Review: Communicating science in the time of a pandemic

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Review: Communicating science in the time of a pandemic

Review: Communicating science in the time of a pandemic

Takeaways of this article: The media has misrepresented the findings and efficacy of medications experimentally used to treat COVID-19. Researchers and the media must temper the message for the public by contextualizing results.

  • Policymakers, patients, clinicians, and the public are eager for information on COVID-19. Simultaneously, study findings (preprints, news articles, journal articles) on the prognosis, treatment, and diagnosis of COVID-19 are being rapidly released.
  • Study findings are often miscommunicated to the public by:
    1. Focus on a single study without couching the results in other scientific literature
    2. Overemphasis of results, specifically relative effects, without mentioning limitations
    3. Communications of incomplete reports of studies, and/or of studies that are not peer-reviewed
  • Communications of studies of Remdesivir, dexamethasone, and hydroxychloroquine demonstrate some of these issues
    • Media releases from the manufacturer of Remdesivir and the NIH suggests it yields clinical improvement. However, studies of Remdesivir had issues like small sample size, no placebo group, lack of causality, or overstating positive results.
    • The WHO and New York Times reported that dexamethasone was a lifesaving drug, yet these statements were based on a university news release about a single study.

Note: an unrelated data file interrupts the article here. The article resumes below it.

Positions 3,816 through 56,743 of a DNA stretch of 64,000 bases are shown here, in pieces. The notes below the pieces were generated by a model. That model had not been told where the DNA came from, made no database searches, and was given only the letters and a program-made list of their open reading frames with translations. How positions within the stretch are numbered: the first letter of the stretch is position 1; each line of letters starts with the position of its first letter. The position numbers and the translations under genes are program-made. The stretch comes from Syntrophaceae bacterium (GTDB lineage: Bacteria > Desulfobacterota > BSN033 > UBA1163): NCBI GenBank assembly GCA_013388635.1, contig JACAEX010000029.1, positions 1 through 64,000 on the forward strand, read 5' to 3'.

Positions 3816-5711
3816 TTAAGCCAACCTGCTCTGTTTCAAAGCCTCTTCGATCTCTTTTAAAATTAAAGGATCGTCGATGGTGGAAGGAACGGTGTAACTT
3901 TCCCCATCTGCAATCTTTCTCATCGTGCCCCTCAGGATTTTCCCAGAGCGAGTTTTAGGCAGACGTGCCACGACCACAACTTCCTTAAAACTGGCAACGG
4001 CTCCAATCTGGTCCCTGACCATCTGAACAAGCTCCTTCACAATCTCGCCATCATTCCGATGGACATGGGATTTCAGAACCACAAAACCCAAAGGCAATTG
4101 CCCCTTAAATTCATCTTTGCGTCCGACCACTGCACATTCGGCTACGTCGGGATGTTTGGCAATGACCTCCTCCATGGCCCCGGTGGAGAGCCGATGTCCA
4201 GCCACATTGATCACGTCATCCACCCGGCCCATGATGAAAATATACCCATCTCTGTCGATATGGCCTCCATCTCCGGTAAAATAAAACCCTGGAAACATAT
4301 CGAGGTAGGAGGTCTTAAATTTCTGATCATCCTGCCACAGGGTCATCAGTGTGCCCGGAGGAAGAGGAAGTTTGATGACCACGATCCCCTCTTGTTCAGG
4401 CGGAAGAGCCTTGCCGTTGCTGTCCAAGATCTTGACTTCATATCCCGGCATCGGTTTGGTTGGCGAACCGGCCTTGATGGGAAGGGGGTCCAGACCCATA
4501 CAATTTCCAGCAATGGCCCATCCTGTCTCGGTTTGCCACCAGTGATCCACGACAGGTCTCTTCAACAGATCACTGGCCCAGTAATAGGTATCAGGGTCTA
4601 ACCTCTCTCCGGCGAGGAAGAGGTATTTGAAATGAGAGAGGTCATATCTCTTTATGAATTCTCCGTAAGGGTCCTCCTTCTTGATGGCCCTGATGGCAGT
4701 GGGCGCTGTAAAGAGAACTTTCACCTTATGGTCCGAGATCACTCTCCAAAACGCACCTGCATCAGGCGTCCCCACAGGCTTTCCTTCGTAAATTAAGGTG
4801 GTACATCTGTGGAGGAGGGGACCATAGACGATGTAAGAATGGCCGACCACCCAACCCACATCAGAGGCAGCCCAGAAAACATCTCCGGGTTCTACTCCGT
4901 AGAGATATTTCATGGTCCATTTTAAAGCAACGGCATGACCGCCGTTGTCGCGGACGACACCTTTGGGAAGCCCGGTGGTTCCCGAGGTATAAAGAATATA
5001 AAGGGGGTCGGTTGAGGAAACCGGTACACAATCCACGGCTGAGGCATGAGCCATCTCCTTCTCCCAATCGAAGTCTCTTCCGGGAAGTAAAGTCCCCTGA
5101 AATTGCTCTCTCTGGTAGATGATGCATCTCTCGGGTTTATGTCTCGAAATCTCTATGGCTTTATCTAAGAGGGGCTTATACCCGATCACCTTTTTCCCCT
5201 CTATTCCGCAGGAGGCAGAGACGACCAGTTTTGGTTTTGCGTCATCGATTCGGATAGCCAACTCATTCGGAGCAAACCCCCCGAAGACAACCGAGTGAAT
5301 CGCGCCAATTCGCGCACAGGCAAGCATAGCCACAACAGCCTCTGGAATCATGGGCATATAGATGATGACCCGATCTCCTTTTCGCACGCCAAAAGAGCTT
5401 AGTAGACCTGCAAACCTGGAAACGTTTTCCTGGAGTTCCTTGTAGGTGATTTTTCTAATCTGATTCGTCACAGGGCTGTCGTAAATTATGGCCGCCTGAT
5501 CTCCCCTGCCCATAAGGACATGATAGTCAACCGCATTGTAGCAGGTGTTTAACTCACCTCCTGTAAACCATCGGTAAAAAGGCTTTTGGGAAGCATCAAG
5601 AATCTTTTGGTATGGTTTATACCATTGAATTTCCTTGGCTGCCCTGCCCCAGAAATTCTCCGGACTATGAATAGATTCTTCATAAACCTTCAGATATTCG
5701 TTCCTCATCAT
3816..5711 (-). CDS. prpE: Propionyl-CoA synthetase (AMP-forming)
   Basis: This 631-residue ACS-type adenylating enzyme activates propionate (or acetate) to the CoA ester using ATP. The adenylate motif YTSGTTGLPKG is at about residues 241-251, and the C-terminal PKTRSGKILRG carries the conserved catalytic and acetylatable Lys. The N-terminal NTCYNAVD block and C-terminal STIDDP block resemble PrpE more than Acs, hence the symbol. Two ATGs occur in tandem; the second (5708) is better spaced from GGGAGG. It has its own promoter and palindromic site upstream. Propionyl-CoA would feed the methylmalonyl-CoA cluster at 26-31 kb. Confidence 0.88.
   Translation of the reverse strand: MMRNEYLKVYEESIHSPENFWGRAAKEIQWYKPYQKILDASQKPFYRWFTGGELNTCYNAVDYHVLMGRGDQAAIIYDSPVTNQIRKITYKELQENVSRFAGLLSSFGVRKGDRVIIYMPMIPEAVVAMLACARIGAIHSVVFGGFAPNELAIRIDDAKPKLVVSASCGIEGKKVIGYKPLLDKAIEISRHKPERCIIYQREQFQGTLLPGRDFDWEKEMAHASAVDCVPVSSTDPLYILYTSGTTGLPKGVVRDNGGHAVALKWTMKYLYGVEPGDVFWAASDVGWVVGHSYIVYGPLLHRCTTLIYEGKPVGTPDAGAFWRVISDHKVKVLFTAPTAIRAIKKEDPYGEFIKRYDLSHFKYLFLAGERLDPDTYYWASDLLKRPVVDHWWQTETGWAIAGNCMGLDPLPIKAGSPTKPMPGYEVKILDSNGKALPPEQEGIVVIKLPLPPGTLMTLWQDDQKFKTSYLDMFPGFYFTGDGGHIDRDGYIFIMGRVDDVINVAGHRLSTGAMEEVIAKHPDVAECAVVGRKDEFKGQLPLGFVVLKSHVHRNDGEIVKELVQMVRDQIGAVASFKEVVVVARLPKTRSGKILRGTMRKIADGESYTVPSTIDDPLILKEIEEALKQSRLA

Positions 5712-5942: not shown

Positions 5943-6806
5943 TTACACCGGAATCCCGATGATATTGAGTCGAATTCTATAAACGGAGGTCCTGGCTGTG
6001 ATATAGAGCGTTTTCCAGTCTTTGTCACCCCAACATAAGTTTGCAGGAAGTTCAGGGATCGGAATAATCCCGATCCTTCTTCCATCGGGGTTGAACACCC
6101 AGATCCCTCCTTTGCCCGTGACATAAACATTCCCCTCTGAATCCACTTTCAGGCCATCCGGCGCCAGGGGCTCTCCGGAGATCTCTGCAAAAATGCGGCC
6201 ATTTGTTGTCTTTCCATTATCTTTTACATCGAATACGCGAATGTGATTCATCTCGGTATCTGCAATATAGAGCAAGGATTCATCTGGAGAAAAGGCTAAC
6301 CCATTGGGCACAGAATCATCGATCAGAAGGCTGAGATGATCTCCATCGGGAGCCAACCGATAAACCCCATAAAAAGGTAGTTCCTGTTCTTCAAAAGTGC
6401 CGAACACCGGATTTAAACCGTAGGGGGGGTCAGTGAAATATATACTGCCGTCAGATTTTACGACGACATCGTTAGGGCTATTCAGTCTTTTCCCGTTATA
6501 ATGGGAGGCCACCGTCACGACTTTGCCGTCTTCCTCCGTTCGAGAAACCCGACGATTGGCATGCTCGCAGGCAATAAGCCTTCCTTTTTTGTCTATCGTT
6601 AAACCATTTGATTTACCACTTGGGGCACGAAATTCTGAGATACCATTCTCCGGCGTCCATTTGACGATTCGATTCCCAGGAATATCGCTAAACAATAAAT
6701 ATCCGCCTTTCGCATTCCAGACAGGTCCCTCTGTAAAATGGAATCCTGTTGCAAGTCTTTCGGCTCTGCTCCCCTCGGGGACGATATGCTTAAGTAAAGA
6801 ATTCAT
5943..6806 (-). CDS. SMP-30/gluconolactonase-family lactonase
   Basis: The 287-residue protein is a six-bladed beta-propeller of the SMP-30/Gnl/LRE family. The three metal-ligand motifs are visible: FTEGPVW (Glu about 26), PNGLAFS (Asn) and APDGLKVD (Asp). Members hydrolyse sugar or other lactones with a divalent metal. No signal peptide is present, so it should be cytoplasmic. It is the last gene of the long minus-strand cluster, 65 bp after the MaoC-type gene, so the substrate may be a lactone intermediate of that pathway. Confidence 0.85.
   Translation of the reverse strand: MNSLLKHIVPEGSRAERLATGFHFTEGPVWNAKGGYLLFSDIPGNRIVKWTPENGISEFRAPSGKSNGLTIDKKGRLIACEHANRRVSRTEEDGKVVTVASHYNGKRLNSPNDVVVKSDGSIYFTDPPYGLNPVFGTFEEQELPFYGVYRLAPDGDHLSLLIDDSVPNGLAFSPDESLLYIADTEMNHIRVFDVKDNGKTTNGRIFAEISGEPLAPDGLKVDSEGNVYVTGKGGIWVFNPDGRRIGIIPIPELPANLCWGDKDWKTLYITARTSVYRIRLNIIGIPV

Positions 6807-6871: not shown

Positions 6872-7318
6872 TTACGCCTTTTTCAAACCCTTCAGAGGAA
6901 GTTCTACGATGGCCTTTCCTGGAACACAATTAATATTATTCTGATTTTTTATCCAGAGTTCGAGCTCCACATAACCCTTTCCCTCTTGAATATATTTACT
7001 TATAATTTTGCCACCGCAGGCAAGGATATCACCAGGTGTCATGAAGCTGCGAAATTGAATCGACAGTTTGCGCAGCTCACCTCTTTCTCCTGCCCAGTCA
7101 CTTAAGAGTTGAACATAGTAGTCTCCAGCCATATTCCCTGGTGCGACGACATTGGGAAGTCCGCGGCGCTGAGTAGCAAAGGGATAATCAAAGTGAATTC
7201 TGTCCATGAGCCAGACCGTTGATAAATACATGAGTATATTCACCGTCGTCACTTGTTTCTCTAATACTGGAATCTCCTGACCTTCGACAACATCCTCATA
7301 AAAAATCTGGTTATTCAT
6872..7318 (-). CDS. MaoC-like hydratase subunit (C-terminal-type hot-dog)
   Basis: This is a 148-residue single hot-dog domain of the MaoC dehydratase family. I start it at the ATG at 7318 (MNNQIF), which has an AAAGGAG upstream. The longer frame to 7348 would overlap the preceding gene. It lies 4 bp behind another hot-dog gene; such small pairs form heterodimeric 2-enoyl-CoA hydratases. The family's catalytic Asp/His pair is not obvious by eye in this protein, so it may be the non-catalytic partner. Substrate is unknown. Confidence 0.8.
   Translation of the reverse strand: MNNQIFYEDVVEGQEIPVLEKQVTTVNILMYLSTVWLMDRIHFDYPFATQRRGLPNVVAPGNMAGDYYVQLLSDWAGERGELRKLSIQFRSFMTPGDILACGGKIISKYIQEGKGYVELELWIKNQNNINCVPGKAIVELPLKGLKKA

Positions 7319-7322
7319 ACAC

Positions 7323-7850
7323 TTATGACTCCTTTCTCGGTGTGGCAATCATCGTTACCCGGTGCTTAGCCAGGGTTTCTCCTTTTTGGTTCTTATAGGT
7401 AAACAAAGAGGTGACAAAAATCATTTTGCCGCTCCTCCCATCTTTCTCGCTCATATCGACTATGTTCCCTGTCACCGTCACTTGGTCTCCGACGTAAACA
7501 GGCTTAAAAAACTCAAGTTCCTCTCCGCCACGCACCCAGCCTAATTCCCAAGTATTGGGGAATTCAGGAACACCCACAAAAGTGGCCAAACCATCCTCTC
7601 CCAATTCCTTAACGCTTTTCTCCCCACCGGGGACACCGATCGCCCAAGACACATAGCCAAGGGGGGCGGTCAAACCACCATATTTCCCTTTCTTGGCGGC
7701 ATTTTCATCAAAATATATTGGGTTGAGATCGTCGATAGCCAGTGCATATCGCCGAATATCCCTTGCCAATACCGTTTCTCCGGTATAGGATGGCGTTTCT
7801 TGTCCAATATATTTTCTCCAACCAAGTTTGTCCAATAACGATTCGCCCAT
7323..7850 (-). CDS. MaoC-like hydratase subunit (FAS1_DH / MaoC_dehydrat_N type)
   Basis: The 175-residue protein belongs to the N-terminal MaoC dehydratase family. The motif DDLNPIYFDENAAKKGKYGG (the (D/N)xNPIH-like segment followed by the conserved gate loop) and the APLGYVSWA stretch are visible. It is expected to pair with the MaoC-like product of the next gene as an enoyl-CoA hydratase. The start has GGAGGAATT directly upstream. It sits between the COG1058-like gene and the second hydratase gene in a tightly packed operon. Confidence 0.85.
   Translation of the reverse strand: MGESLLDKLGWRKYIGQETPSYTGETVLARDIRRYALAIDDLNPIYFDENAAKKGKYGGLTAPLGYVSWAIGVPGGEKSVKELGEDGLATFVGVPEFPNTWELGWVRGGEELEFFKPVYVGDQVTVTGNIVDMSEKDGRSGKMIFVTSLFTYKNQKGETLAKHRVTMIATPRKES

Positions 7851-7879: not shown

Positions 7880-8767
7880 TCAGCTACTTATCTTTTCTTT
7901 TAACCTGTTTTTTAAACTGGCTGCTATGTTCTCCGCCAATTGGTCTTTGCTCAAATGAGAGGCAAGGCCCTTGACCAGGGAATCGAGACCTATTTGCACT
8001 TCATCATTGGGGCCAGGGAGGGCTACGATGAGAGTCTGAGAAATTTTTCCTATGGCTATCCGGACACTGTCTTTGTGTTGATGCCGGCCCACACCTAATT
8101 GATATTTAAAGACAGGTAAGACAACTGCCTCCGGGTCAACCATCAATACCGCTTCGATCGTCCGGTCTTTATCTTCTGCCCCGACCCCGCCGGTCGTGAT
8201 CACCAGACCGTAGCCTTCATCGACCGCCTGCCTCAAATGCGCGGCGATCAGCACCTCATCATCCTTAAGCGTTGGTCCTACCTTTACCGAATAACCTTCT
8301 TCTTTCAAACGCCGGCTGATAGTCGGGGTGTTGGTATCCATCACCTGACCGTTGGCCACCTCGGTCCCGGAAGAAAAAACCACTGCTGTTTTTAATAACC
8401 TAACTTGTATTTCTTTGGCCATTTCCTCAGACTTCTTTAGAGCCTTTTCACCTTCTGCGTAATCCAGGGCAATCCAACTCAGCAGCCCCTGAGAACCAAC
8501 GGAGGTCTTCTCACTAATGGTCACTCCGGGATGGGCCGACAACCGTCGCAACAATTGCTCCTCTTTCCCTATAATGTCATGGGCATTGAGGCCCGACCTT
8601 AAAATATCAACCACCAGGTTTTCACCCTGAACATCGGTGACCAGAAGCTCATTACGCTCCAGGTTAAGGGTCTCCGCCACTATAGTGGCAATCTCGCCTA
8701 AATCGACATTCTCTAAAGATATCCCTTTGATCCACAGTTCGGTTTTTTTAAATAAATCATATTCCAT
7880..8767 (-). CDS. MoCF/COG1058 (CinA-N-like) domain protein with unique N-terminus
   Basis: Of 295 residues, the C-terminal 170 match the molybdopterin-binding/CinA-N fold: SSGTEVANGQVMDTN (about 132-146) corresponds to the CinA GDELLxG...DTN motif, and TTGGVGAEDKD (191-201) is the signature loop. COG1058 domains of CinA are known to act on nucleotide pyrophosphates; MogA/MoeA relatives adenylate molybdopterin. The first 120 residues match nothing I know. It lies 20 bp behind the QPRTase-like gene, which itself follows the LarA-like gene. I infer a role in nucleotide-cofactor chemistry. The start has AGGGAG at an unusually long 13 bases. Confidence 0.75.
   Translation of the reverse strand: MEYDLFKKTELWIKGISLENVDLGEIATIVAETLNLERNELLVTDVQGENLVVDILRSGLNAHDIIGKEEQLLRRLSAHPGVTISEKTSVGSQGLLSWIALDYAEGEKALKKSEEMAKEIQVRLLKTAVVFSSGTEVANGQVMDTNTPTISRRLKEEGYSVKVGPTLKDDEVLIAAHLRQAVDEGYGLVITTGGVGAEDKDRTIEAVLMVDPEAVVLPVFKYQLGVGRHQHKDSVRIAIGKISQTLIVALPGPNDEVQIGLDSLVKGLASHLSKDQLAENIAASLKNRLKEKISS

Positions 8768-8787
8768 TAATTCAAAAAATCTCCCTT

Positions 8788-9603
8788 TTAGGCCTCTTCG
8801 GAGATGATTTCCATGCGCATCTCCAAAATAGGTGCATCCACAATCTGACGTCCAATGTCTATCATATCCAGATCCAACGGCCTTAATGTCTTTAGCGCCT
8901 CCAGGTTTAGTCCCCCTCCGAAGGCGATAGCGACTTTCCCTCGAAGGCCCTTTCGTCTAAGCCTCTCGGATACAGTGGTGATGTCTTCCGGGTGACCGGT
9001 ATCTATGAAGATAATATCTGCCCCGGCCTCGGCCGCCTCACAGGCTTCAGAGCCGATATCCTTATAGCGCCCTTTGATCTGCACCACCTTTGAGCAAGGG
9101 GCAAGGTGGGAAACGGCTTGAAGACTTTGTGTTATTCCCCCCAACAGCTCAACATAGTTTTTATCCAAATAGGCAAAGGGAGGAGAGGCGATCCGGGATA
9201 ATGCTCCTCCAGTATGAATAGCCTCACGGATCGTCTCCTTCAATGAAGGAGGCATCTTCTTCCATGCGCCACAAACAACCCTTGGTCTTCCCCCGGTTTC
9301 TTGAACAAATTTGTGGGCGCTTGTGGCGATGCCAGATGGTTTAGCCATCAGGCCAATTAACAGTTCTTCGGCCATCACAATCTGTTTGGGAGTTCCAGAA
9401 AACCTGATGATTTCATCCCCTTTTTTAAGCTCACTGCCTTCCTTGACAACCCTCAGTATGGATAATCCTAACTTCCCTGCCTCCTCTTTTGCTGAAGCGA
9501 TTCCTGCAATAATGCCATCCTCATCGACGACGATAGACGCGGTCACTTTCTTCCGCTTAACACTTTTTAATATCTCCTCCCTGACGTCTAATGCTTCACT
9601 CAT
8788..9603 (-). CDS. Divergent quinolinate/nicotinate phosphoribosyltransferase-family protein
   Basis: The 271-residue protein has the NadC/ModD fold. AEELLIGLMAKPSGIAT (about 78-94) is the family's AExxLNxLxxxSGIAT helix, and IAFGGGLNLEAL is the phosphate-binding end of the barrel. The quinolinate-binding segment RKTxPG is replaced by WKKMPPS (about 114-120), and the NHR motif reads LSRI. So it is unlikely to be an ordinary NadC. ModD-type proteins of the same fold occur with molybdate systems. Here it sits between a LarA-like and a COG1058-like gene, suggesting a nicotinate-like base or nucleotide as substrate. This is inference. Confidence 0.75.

• An unblinded trial reported that 14 of 20 hydroxychloroquine-treated patients vs 2 of 16 control patients tested negative for COVID-19 on day 6 of treatment. The US president promoted use of the drug. At that time, other studies did not support efficacy. A subsequent observational study of 2541 reported the medication was associated with lower mortality. While the authors of that study spoke cautiously, the media did not share the same message.
  • Recommendations to News Reports:
    • Reports of single studies should be factual, report main outcomes and absolute risks, include patient population, and highlight limitations. They should include the caveat that single studies are rarely conclusive.
    • Include opinions from experts in the field and compare the findings to similar studies.
    • Share complexities, such as how treatment is different based on disease severity.

Saitz R, Schwitzer G. Communicating Science in the Time of a Pandemic. JAMA. Published online July 13, 2020. doi:10.1001/jama.2020.12535

|2020-08-07T11:53:07-04:00August 7th, 2020|COVID-19 Literature|0 Comments

About the Author: Liza Cohen

Liza Cohen

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